In the normal course, the highest court in the land or, for that matter, a lower court need not have concerned itself with criminal acts, but it speaks of the apparent failure of various State Governments that the Supreme Court did feel constrained to take up the matter of periodic cases of lynching. Whether the intervention of the court was justified or not, law-abiding citizens should feel a sense of relief that thanks to it, the central government has promised to act in the matter on an urgent basis.

Six days after the apex court expressed concern at what it called ‘sweeping incidents of lynching’ and called them ‘as an affront to the rule of law’, Home Minister Rajnath Singh announced in the Lok Sabha on Monday the formation of a group of ministers under him to deliberate on the incidents of ‘mob violence’. He also constituted a separate high-level committee of senior officers to recommend separate penal provisions to deal with incidents of mob violence. The report of the committee is to be given within four weeks. The minister informed the House that the Government has always condemned such incidents of mob violence, but the police and public order being State subjects, it has from time to time issued advisories to the States and Union Territories for maintenance of law and order. Though the ministry did not maintain separate data for incidents of lynching, thus far 31 such cases had been reported from various parts of the country.

The issue came to the fore yet again following the killing of Rakbar Khan last week in Alwar, Rajasthan, when a mob assaulted him while he was taking two cows to his village in Haryana along with his friend, who mercifully escaped mob fury. The mob suspected the two of being cow smugglers and waylaid them. There is confusion about the actual details of the incident with the police feeding one version to the media and the local people another. Yet, there is no denying that a 32-year-old man became a victim of mob violence. Walking the cows to their village in the dark through a remote part of Rajasthan might have been a foolhardy thing to do in the present climate of fear over anything connected with the cow trade, yet the manner in which the local police handled the crime was shocking. It is said they seemed more concerned with the well-being of the animals than of the victim of mob violence. The police attitude may well mirror the perceived mood of the present ruling dispensation. Unless the political authorities issue a stern warning against people taking law into their own hands for the sake of cows or anything else dear to them, such madness by small mobs in rural India is unlikely to end soon unless put down with a heavy hand. It is this feeling at the ground level that the rulers would look the other way if they killed or maimed in the name of the holy cow which may have also contributed to the rising number of incidents of lynching, especially in the Hindi belt.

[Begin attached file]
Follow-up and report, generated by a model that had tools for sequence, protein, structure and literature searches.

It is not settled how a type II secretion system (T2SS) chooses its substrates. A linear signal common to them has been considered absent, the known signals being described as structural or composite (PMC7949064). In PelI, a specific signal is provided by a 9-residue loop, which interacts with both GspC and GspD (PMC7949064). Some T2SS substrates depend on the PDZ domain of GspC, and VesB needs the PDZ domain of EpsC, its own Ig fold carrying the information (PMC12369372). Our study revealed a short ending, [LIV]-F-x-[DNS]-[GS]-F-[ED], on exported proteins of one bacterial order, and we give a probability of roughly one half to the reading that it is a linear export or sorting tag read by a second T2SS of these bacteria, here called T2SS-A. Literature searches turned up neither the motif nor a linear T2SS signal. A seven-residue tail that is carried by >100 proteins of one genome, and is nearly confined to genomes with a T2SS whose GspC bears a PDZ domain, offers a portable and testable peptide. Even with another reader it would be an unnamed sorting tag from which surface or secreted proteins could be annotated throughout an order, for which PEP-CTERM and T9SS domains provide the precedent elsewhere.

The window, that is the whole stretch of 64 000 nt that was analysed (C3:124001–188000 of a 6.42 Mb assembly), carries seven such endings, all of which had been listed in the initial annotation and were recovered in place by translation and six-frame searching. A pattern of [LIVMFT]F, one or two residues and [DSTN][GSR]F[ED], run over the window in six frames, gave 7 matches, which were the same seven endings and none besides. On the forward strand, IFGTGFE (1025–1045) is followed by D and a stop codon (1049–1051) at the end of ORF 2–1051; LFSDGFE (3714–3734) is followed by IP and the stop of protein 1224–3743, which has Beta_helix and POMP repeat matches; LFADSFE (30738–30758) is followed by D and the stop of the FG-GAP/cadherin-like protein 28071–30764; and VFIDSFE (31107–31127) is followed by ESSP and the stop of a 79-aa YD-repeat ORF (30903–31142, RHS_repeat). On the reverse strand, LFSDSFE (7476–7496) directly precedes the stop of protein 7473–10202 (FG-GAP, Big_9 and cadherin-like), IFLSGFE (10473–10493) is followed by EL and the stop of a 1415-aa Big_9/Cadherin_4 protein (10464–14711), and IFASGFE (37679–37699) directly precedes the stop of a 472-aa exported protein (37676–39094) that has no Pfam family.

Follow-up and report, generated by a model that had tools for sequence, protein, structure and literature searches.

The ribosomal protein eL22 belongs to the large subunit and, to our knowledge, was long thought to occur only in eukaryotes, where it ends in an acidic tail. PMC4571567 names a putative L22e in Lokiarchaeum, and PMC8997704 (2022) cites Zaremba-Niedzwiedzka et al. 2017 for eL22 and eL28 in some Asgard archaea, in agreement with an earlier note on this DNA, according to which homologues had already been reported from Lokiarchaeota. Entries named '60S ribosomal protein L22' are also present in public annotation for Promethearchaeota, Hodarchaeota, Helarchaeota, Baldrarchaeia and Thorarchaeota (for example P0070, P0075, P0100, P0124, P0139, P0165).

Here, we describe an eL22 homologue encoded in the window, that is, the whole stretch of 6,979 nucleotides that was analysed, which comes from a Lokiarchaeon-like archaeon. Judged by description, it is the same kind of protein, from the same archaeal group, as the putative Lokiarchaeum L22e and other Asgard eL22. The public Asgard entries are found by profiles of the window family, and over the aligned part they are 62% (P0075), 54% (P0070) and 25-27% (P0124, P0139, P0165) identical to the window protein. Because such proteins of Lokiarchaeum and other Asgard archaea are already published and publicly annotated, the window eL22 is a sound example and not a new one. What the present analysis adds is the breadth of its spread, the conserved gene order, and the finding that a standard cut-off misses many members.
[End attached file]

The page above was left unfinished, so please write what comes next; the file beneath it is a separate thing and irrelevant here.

Legitimate trade in cows ought to continue as before. The village economy will be hard to sustain if old animals were to become a burden on their owners. Mechanised cultivation has replaced farming earlier reliant on oxen or other such animals. Therefore, a cow is useful for its owners till it yields milk. The lack of panchayat-run gau shalas complicates the problem of old cows. Without providing workable alternatives, the huge problem of starving cows roaming the streets is bound to grow, especially when even legitimate trade is risky and can attract mob fury. In any case, it is barbarism, pure and simple, for a handful of people to lynch fellow human beings on mere suspicion. Such madness must be put down most sternly. We cannot have mobs lynching people every now and then and yet lay claim to be a law-abiding, peaceful country. Regardless of one’s political inclinations, mob killings are unacceptable. No, not even for the sake of an animal, revered or otherwise. It is a matter of great shame that in this day and age, there are killings in the name of ‘gau mata’. This must end immediately.